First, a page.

Henderson and Burkitt, JJ.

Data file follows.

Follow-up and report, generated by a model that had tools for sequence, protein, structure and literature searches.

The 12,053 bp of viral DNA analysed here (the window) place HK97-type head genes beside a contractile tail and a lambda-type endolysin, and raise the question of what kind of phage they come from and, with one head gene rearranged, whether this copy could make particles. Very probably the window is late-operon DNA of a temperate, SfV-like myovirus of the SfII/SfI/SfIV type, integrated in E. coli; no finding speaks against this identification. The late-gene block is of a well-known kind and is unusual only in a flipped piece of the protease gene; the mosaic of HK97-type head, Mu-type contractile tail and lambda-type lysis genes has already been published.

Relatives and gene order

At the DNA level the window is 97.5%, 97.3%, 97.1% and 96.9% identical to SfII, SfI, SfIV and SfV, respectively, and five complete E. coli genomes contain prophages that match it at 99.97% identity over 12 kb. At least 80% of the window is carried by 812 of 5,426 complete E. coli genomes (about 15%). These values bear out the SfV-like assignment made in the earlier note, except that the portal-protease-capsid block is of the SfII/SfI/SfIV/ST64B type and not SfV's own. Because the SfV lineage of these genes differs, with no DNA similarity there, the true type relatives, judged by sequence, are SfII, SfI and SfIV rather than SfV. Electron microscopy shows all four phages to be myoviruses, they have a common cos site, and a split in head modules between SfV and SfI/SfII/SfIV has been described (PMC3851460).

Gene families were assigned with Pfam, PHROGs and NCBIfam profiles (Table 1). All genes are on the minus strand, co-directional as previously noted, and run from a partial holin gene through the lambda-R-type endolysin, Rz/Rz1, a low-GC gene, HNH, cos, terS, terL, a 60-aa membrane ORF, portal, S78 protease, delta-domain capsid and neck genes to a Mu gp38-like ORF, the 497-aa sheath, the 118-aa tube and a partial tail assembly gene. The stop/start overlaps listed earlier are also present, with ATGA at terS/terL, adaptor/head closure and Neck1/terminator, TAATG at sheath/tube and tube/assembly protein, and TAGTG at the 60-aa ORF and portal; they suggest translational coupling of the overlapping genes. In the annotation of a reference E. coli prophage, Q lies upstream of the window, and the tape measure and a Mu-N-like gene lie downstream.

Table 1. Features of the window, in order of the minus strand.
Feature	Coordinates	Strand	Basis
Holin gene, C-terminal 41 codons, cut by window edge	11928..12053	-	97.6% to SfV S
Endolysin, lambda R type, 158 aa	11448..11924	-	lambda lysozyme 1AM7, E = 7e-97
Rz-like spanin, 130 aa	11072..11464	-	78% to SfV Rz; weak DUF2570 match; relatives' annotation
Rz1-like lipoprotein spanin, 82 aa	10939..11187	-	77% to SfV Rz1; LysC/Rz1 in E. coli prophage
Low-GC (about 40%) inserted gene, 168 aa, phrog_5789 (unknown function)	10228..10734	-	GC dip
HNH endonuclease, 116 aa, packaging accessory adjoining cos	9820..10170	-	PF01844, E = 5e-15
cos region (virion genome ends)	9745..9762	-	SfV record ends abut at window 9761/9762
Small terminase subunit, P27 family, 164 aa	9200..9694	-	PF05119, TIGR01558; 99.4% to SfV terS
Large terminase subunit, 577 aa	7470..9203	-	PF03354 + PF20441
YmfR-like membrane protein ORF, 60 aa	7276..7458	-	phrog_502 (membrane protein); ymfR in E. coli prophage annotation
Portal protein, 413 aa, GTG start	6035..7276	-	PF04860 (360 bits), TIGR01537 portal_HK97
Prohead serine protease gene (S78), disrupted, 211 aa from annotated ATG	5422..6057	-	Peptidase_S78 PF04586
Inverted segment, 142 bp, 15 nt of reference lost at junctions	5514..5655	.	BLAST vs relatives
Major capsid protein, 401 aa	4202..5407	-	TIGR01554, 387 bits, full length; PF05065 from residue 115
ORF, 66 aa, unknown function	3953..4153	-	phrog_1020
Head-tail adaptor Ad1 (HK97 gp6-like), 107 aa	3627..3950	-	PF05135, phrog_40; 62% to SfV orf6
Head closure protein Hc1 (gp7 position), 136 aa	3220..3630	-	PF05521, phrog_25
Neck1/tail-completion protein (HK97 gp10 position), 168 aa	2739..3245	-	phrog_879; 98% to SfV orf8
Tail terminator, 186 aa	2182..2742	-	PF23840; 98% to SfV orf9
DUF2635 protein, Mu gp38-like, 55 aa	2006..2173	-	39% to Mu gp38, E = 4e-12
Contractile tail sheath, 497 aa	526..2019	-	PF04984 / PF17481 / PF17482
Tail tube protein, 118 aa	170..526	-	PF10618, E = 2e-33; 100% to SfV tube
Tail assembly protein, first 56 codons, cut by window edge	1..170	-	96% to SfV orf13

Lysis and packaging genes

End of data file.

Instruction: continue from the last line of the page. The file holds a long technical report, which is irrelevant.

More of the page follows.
1. In this case the plaintiffs, who were the nephews of one Balu Singh, sued the defendants to recover possession of certain property which had been transferred to them or their predecessors in title by Rukmin Kunwar, the widow of Balu Singh. Balu Singh died in 1856, and Rukmin Kunwar died in 1890. It appears that in 1865, some of the brothers and nephews of Balu Singh brought a suit claiming as reversioners to set aside certain alienations, including the alienations now the subject of the present suit, on the ground that they were not made for legal necessity. This suit was heard by the Munsif of Gorakhpur. He deoided as to a portion of the claim that the alienations were invalid. As to the alienations now the subject of this suit, be found that they were good, and this decision was upheld in appeal. In the present case the decision of the Munsif in the suit to which we have referred was relied on as being res judicata on the question whether the alienations were good or bad. It has been held by a Full Bench of this Court in Bhagwanta v. Sukhi (1899) I.L.R. 22 All. 33, that where there are several reversioners entitled successively under the Hindu law to an estate held by a Hindu widow, no one of such reversioners can be held to claim through or derive his title from another, even if that other happens to be his father, but he derives his title from the last full owner. Now in the present case the plaintiffs are the now reversioners of Balu Singh being nephews of Balu Singh, other than the nephews who joined in the previous suit, and in our opinion they are not bound by the decision in the previous suit. In Jumoona Dassya Chowdhrani v. Bamasoonderai Dassya Chowdhrani (1876) L.R. 3 I.A. 72, their Lordships of the Privy Council doubted whether a decree in favour of an adoption passer in a suit by a reversioner to set aside the adoption is binding on any reversioner except the plaintiff, and whether a decision in such a suit adverse to the adoption would bind the adoptive son as between himself and any other than the plaintiff. In a later case Isri Dut Koer v. Musammat Hansbutti Koerain (1883) L.R. 10 I.A. 150, their Lordships expressed a strong opinion that such a decision would not be binding as res judicata in the case of a new reversioner. Having regard to these expressions of opinion by their Lordships of the Privy Council and to the decision of the Full Bench of this Court, we are of opinion that the Judge was wrong in dismissing the suit on the plea of res judicata. We therefore reverse his finding on that point, and setting aside his decree, remand the case under Section 562 of the Code of Civil Procedure to the Lower Appellate Court to be restored to the file of pending appeals and disposed of according to law. Costs of this appeal will follow the event.